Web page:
Tag Archive for Goldwater Scholar

Factor ’14, Meyerson ’14 Receive Goldwater Honorable Mentions

Two Wesleyan students received honorable mentions from the Barry M. Goldwater Scholarship and Excellence in Education Foundation.

Sam Factor '14

Sam Factor ’14

Sam Factor ’14, a physics and computer science double major, and Elliot Meyerson ’14, a computer science and mathematics double major, each received a letter of congratulations and a certificate from the foundation. The 2013-14 Goldwater Scholars were selected on the basis of academic merit from a field of 1,107 mathematics, science, and engineering students who were nominated by the faculties of colleges and universities nationwide.

Factor, who hails from Madison, Wisc., hopes to pursue a Ph.D in physics and conduct research in physics, work in industry or teach at the university level. At Wesleyan, Factor works with Fred Ellis, professor of physics, on asymmetric wave transport in nonlinear PT-symmetric electronics.

PT-symmetric systems have unchanged behavior under a combined reversal of time and reflection in space.

“We have shown that the combination of PT-symmetry and nonlinear gain and loss elements produce asymmetric wave transport. This is a remarkable feature and can be used to build devices that exhibit many interesting properties such as unidirectional invisibility and could lead to a device able to transmit and receive signals at the same time on the same frequency.”

During his senior year, Factor may write a senior thesis or complete the BA/MA program.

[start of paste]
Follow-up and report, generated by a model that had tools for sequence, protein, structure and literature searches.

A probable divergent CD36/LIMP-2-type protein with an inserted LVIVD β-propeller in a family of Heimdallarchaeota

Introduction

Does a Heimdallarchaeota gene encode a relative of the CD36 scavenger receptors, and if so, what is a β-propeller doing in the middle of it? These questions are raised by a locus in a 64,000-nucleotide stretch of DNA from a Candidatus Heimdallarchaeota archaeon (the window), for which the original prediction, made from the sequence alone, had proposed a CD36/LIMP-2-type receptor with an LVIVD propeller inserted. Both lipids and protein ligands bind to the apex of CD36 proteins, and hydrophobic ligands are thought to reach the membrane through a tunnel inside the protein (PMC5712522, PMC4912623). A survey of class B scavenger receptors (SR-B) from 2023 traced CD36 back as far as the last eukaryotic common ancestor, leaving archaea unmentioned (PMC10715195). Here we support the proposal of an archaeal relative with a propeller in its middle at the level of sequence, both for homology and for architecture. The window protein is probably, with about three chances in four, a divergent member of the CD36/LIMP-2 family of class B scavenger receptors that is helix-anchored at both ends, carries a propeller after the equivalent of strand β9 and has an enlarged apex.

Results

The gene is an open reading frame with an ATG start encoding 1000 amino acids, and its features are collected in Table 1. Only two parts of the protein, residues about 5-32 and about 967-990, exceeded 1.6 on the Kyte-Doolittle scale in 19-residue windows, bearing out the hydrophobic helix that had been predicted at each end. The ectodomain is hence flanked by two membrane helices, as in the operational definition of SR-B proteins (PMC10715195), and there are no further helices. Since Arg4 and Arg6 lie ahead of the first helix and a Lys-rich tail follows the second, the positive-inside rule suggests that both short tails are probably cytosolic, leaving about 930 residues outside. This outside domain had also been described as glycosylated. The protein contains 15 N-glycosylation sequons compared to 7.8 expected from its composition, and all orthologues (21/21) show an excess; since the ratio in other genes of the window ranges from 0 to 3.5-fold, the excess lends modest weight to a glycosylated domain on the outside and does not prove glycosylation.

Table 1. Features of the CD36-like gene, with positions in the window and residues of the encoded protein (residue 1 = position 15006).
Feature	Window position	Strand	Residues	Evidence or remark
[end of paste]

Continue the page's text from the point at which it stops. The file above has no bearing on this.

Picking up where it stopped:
Elliot Meyerson '14

Elliot Meyerson ’14

Meyerson, of Silver Spring, M.D., hopes to pursue a Ph.D. in computer science and conduct research towards general intelligence and teach at the university level.

Meyerson’s computer science advisor is Eric Aaron, assistant professor of computer sciences, and Wai Kiu Chan, professor of mathematics. He plans on writing a computer science thesis in 2013-14.

The Barry Goldwater Scholarship and Excellence in Education Program was established by Congress in 1986 to honor Senator Barry M. Goldwater, who served his country for 56 years as a soldier and statesman, including 30 years of service in the U.S. Senate. The Goldwater Foundation is a federally endowed agency established by Public Law 99-661 on Nov. 14, 1986.

Since its first award in 1989, the Foundation has bestowed over 6,550 scholarships.

Chemistry Major Sagi ’14 Receives Goldwater Scholarship for Academic Merit

Goldwater Scholar Andras Sagi studies how different compounds bind to quadruplex DNA. His research may lead to treatments for cancer.

A Wesleyan sophomore is the recipient of a prestigious award from the Barry M. Goldwater Scholarship and Excellence in Education Foundation.

Andras Sagi ’14, a chemistry and molecular biology double major, is one of 282 college students from around the country who received a Goldwater Scholarship. Goldwater Scholars are selected on the basis of academic merit from a field of 1,123 mathematics, science, and engineering students who were nominated by the faculties of colleges and universities nationwide. The $15,000 scholarship will be applied to Sagi’s tuition, fees, books, and room and board over two years.